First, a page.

Israel’s top diplomat to the United Arab Emirates visited Dubai this week, and participated in a ceremony at the Arabian Peninsula’s first permanent exhibition to commemorate the Holocaust. Wednesday’s visit seemed to demonstrate the commitment of the two countries to establish deeper ties after the Gaza cease-fire. During the violence between Israel and Hamas, the UAE government and its top officials publicly expressed concern over riots in east Jerusalem; the police action at Al-Aqsa Mosque; and the dispute taking place in the Sheikh Jarrah neighborhood. Questions have been raised about whether the UAE would halt the momentum of its strategic relationship with Israel after the recent conflict, but the Dubai visit seems to signal that the process of normalization is moving forward. “What we see here is the exact opposite of what we see in Gaza... What we see here in the whole normalization process is a departure from the past,” Israeli Ambassador Eitan Na’eh said.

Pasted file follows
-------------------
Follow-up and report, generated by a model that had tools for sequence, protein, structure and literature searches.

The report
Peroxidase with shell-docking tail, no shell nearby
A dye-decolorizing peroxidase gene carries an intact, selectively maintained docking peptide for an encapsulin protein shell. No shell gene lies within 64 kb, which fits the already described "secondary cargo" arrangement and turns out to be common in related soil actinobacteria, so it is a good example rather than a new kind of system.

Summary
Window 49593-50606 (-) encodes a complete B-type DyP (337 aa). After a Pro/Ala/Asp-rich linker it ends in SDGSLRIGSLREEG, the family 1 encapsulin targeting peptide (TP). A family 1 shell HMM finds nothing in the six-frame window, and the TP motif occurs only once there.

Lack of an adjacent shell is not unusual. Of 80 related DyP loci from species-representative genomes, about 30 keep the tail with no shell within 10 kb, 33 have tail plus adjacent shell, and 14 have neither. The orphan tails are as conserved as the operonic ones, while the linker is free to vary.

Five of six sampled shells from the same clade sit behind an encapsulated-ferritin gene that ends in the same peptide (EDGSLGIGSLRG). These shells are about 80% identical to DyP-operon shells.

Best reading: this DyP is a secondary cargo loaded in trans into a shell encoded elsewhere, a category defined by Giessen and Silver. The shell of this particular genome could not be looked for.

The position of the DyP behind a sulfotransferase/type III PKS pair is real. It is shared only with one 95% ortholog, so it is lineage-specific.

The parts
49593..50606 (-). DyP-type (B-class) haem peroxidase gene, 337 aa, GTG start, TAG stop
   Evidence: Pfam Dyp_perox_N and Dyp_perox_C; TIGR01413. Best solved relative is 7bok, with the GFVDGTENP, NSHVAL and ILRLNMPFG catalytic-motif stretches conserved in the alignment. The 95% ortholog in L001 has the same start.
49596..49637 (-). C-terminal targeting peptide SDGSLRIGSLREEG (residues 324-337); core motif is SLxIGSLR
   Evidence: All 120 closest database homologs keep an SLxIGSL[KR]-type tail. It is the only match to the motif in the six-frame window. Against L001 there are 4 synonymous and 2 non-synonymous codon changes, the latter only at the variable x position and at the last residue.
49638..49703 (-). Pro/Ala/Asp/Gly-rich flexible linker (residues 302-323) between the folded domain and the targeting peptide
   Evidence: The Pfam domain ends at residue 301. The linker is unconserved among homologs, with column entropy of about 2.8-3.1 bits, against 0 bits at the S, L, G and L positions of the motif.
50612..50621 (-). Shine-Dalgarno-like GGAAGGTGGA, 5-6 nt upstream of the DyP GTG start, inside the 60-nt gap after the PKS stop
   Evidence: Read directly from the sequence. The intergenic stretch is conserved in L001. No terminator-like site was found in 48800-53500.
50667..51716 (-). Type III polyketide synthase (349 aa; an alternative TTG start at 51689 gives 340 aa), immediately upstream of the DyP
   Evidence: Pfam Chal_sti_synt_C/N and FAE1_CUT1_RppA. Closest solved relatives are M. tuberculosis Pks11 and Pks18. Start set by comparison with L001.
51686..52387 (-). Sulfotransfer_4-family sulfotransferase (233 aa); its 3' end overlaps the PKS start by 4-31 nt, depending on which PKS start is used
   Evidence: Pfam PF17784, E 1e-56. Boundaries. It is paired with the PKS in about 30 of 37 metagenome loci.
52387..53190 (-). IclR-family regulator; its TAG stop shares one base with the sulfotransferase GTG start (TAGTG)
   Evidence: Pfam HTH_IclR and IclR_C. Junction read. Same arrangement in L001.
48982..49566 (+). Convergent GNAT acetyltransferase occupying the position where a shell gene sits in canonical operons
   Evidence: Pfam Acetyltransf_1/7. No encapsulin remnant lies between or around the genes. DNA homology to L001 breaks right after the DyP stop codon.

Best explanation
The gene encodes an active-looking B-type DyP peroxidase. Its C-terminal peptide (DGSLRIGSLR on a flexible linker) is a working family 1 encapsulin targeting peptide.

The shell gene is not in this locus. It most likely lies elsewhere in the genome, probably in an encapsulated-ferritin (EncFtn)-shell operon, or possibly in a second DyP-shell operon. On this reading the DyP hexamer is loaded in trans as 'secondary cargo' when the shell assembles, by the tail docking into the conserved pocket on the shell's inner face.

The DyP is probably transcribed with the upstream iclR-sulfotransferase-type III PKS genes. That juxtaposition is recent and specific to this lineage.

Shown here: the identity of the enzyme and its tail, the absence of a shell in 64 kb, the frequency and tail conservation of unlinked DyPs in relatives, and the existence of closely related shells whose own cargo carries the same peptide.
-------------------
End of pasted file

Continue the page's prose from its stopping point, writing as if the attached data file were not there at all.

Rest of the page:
On Thursday, the United Nations Human Rights Council (UNHRC) voted 24-9 to create a permanent, fact-finding mission into possible “violations” surrounding the latest Gaza violence—and into “systematic” abuses in the Palestinian territories, and inside Israel. 14 countries out of the 47-member body abstained, giving the resolution a slim, one-vote majority. No European Union country supported the measure.This is the first time the UNHRC has created a permanent investigation into any UN member state. Israel’s foreign minister immediately stated that Israel had no intention of cooperating with the probe, while Israeli Prime Minister Benjamin Netanyahu said, “Today’s shameful decision is yet another example of the UN Human Rights Council’s blatant anti-Israel obsession.” The decision to call for such a probe was sparked by the 11-day IDF-Hamas war, and was submitted by the Palestinian Authority and Pakistan on behalf of the Organization of Islamic Cooperation.